Ask your dentist this question


Many questions may arise that you want to ask your dentist during your scheduled appointment.

Other than actual tooth (dental) questions, this 1 concern that is typically inquired about in a dental office:

  1. What can I do for Temporomandibular Joint (TMJ) pain?

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TMJ pain (known better now as Temporomandibular joint disorder or TMD) are thought to be disorders of the joint (arthrogenous) or the masticatory muscular system (myogenous) that result in pain and/or dysfunction of the jaw and mouth.

They do not include disease or infection of the teeth or mouth, but are considered the most common non-odontogenic pain complaints from individuals seeking medical care.

Symptoms of TMJ pain are thought to be a result of imbalance imparted on the joint in daily life.

TMJ symptoms can be:

  • aching in the muscles of mastication (myalgia)

  • pain with chewing

  • limitation or interference with mouth opening or closing

  • catching or locking of the jaw

  • joint sounds

  • joint pain (in and around the ear, head, neck, face, postural muscles, and cervical spine)

The TMJ disorder is considered multifaceted with numerous causes. No clear etiological cause is known but there are risk factors. The point of this post is to briefly discuss the correlation of neck pain and TMJ.

Masticatory muscles and neck muscles have a close functional connection. There is a biomechanical link between the craniomandibular region and cervical spine suggesting that postural deviations within the upper cervical spine are contributory to TMJ pain. Painful disorders within the craniofacial region may thus be attributed to dysfunction of the TMJ or cervical spine with both regions sharing common referral patterns.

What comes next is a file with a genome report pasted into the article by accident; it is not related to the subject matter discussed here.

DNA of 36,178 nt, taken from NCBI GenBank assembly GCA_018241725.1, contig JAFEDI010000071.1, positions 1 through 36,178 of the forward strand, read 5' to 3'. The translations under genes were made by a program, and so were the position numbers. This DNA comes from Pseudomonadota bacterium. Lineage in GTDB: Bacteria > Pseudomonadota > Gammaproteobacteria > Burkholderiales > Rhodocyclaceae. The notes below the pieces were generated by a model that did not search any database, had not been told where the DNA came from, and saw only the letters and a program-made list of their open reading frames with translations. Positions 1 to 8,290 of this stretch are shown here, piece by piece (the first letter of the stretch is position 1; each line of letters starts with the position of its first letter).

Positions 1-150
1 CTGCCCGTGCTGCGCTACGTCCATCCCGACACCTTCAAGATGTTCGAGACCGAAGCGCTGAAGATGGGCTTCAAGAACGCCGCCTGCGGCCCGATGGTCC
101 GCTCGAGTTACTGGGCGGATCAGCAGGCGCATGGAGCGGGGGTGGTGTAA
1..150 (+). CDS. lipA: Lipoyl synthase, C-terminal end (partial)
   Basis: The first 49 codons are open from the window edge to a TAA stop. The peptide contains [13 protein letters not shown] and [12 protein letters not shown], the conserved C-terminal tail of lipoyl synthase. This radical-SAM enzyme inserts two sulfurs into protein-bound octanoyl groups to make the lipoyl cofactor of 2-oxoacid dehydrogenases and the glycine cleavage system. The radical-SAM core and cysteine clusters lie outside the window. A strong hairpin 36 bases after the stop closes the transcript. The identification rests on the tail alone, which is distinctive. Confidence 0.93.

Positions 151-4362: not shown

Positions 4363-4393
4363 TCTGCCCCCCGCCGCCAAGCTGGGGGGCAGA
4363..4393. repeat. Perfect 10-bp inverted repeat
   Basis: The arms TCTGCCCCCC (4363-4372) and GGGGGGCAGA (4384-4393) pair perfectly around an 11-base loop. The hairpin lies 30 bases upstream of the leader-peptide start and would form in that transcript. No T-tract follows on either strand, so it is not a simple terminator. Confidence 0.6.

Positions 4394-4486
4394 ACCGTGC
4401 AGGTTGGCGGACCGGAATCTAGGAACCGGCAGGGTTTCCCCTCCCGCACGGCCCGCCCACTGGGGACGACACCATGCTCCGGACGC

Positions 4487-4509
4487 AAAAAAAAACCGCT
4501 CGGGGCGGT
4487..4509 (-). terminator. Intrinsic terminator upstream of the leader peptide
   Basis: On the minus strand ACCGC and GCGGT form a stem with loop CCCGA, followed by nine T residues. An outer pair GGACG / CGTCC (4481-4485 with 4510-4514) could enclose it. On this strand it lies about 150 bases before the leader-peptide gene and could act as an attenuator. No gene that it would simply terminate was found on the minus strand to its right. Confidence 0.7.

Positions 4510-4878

It has been found that:

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  • The prevalence of troublesome neck pain was 47.4% in subjects with concomitant TMJ symptoms versus 28.6% in subjects without neck pain (Ciancaglini et al 1999)

  • The prevalence of neck pain is more common in women, if you have face pain, jaw tightness or overall fatigue.

There is a coordinated interplay and functional relationship between the TMJ and cervical spine during movement.

Knowledge of cervical disorders should be an integral part of a dentist’s practice in the management of temporomandibular and sleep disorders.

Therefore, if you are having TMJ pain (TMD), ask your dentist if he or she feels treatment of the cervical spine from someone knowledgable in treatment of TMJ pain is right for you.

Harrison Vaughan is a physical therapist and co-owner of PhysioFit of North Carolina. He provides physical therapy assessment and treatment of TMJ pain in Wake Forest, NC. He utilizes patient education, ergonomic changes, cervical spine strengthening and/or mobility training, and local TMJ manual therapy procedures to help you.

If you are having pain, contact your dentist to see if you are a right candidate for PT services by PhysioFit of North Carolina. Feel free to contact us below too for direct care.